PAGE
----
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American Alligator

Alligator mississippiensis

Description:

Sometimes referred to colloquially as a gator, is a reptile endemic only to the Southeastern United States. It is one of the two living species of alligator, in the genus Alligator, within the family Alligatoridae. It is larger than the other extant alligator species, the Chinese alligator.

Habitat:

American alligators are mostly found in the Southeastern United States, from Great Dismal Swamp in North Carolina south to Everglades National Park in Florida and west to the southern tip of Texas. They are found in the U.S. states of North Carolina, South Carolina, Georgia, Florida, Louisiana, Alabama, Mississippi, Arkansas, Texas, and Oklahoma. Florida and Louisiana currently have the largest population of alligators. Florida has an estimated population of 1 to 1.5 million while Louisiana has an estimated population of 1.5 million Although primarily freshwater animals, alligators will occasionally venture into brackish water.[14] Alligators live in wetlands and this is the vital habitat that holds the key to their continued long-term survival. Alligators depend on the wetlands, and in some ways the wetlands depend on them. As apex predators, they help control the population of rodents and other animals that might overtax the marshland vegetation. American alligators are less prone to cold than American Crocodiles. Unlike the American Crocodile, which would immediately succumb to the cold and drown in water of 45 °F (7.2 °C), an alligator can survive in such temperatures for some time without any signs of evident discomfort.[15] It is thought that this adaptiveness is the reason why American alligators spread farther north than the American Crocodile.[15] In fact, the American alligator is found farther from the equator and is more equipped to deal with cooler conditions than any other crocodilian.[16] In Florida, alligators face ambient temperature patterns unlike elsewhere in their range. The consistently high temperatures lead to increased metabolic cost. Alligators in the Everglades have reduced length to weight ratio, reduced total length, and delayed onset of sexual maturity compared with other parts of their range. The reason for this poor condition is currently suspected to be a combination of low food availability and sustained high temperatures.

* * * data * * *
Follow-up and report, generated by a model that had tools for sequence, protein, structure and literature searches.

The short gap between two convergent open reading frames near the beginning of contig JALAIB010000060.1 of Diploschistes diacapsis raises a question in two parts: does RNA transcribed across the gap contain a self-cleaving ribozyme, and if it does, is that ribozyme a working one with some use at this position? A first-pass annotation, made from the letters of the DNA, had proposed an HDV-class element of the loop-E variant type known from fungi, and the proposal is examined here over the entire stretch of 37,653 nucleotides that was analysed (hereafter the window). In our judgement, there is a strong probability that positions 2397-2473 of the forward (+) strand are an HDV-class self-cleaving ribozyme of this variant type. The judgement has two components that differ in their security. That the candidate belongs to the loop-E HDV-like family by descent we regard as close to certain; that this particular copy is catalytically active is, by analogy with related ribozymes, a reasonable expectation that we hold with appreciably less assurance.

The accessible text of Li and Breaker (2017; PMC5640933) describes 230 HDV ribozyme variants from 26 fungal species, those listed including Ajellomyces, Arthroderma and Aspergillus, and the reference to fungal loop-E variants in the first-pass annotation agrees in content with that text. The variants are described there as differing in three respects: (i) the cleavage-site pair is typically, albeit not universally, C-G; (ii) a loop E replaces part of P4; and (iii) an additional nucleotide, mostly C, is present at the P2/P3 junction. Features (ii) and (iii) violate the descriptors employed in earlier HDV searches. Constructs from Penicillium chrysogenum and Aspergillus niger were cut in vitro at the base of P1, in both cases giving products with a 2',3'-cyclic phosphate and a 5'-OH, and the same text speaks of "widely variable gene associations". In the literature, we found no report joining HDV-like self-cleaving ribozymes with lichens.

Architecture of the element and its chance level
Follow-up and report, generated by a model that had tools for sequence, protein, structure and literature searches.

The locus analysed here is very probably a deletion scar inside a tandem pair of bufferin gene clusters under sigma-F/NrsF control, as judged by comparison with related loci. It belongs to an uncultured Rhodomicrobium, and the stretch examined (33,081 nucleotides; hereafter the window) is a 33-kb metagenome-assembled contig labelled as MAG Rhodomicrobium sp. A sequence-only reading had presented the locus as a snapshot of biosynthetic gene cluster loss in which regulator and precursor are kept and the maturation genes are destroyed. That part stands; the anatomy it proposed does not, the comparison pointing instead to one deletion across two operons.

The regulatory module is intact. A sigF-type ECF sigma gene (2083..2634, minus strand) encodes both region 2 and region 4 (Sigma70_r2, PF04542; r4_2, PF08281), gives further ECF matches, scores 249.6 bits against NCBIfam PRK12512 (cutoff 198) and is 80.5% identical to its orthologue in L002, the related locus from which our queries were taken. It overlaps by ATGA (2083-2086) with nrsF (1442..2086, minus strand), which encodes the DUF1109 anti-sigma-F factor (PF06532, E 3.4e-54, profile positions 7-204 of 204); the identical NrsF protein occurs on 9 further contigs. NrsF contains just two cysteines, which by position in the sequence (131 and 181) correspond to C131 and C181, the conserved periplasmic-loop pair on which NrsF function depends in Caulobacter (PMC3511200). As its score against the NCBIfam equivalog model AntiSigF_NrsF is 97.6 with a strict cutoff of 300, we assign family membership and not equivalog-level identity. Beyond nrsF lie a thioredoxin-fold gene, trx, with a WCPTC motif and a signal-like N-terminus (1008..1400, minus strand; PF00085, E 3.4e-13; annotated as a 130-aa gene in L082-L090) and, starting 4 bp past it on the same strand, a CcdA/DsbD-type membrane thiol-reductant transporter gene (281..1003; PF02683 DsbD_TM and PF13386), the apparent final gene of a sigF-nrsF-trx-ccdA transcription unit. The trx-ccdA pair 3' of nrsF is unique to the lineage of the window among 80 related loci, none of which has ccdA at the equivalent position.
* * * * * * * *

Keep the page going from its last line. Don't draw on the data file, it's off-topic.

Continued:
Notes:

Seen while walking in St. Andrews Park, Panama City, FL

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KristieMoore
Spotted by
KristieMoore

Pensacola, Florida, USA

Spotted on Oct 5, 2005
Submitted on Oct 14, 2011

Reference

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